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Can somone explain wetstone levels?

post #1 of 4
Thread Starter 

I saw that every stone has its own levels or i dont know its right name..

I'v seen it has 1000, 2000, etc...

what is the meaning and how important it is? 

post #2 of 4

Grit levels.  The higher the number, the smoother the stone.  However the grit levels are not all the same and vary from mnfctr to mnfctr, but are kinda/sorta in the same ballpark range.

 

Generally you'd use a very coarse stone like 200-400 to re-shape a broken tip or to put a fresh bevel on, 800-1000 is for re-establishing the bevel, and anything from 2000 and up for polishing.

 

Caveat:  The whole sharpening and polishing process is highly personal, there are very few fast and hard rules.  There are many types of sharpening mediums: Waterstones, oilstones, diamond stones, ceramic stones, sandpaper, diamond paste, etc.  Each one of these has it's good points and bad points. Again, choice of medium is highly personal.

...."This whole reality thing is really not what I expected it would be"......
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...."This whole reality thing is really not what I expected it would be"......
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post #3 of 4

There are several different kinds of "stones".  Some of the ones you commonly see are Arkansas and Coticules, and Norton Cryolon.  Arkansas are grouped into rough categories; they can give you a good polish but work pretty slowly.  Another kind you see are diamond abrasives such as DMT Dia-Sharps.  They're categorized by the size (in microns) of the diamonds in the matrix.  Sometimes the older stones are referred to as oil stones or whetstones.  Water is generally better than oil, even with those types of stones.

 

Water stones are the best tools for sharpening good kitchen knives.  There are natural ones and synthetic ones.  Synthetics are rated by the size of the particles (Aluminum Oxide, or Silicon Carbide).  The binder can be resin, clay or magnesia.  They are roughly broken down into arato (coarse), nagato (medium) and shiageto (fine/polishing).  I apologize if my spelling is a little off; just got done getting run over on the line tonite...really really busy shift!  The arato will generally be under 1k, and the polishers begin somewhere around 4/5k depending on who you ask.  The number can mean micron or mesh, depending on the source of the stone (ie American or Japanese).  Natural ones are grouped into the same categories but there's really no way to assign a number to them since the grits vary in natural stones.  J-nats are named by the mine where they're dug, the appearance of the stone and the layer from which they were mined.  Thus a Hideryami Renge Suita would be a red-speckled stone from a given layer of a specific mine.  J.Broida can tell you way more about naturals than I can, but that's really a much more involved topic than we can cover here.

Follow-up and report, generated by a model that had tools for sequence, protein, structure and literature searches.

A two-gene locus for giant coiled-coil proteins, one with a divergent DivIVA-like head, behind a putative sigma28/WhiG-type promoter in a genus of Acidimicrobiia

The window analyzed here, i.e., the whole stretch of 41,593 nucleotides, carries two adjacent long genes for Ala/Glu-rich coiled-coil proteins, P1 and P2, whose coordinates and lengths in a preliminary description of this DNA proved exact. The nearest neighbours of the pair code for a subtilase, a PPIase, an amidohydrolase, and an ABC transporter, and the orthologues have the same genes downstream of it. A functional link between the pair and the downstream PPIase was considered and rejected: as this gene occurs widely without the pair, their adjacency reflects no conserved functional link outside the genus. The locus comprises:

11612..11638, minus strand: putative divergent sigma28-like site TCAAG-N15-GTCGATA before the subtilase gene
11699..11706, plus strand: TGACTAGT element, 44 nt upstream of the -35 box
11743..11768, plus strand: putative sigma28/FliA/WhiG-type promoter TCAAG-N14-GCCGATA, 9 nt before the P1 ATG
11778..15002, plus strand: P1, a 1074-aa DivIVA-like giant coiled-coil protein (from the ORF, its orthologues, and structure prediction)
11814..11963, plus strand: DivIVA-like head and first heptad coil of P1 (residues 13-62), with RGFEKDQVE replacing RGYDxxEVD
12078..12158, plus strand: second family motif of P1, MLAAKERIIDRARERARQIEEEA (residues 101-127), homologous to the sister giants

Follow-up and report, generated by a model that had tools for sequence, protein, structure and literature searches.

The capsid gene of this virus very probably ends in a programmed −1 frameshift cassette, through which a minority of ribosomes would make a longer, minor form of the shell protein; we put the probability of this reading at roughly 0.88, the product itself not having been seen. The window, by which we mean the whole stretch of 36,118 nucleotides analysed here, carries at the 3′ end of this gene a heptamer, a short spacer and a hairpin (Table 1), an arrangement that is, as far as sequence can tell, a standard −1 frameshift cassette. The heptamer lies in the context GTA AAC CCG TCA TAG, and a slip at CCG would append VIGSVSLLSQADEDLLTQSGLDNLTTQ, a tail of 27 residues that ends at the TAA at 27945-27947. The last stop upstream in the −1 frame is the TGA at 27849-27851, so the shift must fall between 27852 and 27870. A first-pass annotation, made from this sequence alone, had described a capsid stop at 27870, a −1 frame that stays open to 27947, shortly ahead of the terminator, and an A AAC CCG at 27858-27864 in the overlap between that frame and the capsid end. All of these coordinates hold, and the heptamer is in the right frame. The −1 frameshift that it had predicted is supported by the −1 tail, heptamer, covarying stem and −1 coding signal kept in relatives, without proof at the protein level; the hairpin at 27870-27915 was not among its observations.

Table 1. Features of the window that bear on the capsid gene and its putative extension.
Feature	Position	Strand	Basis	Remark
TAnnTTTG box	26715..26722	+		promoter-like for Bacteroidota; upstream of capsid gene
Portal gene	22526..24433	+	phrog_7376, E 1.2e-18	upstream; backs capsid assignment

I'm kind of oversimplifying a bit but this is the Cliff Notes version.  You could fill several large volumes with sharpening info!

 

Many/most folks will start off with a 1,000 grit stone, also called a '1k".  If a knife is badly chipped sometimes a coarser stone will be employed. Lots of people don't ever go above 4,000 or 5,000 grit for kitchen knives.  Personally I like to finish good knives at 8,000-10,000...sometimes higher.  I will say that IMOHO water stones are the only things you should use for kitchen knives.  Arkansas are kind of obsolete (no offense to those who like them).  The bulk of sharpening could be done with just a 1k and a 4k, 5k or 6k.  I like to use more though...way, way more!

 

Powered gear (eg belt sanders) is also very effective, provided you know what you're doing.  It's a very fast way to sharpen, and a very convenient way to ruin a knife much faster than you could on a stone.;)  Belts are usually paper, plastic film or fabric coated with aluminum oxide, silicone carbide or ceramic.  Diamond (poly- or mono-crystaline) and CBN (cubic boron nitrate) compounds are used over linen or leather belts for sharpening and polishing.  A leather belt is often used to deburr and hone.  There are other kinds of powered tools that can be used such as paper wheels and buffers but they have limited utility for kitchen knives.

 

Philosophically I don't really like to use a grinder for quality Japanese knives.  But it will work. Often I sharpen entry level quasi-Japanese knives like Shun and Global on belts.  A skilled user can get a hair popping edge on a grinder very quickly.

"Excellence is an art won by training and habituation. We do not act rightly because we have virtue or excellence, but we rather have those because we have acted rightly. We are what we repeatedly do. Excellence, then, is not an act but a habit." - Aristotle
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"Excellence is an art won by training and habituation. We do not act rightly because we have virtue or excellence, but we rather have those because we have acted rightly. We are what we repeatedly do. Excellence, then, is not an act but a habit." - Aristotle
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post #4 of 4
Thread Starter 
thank you guys
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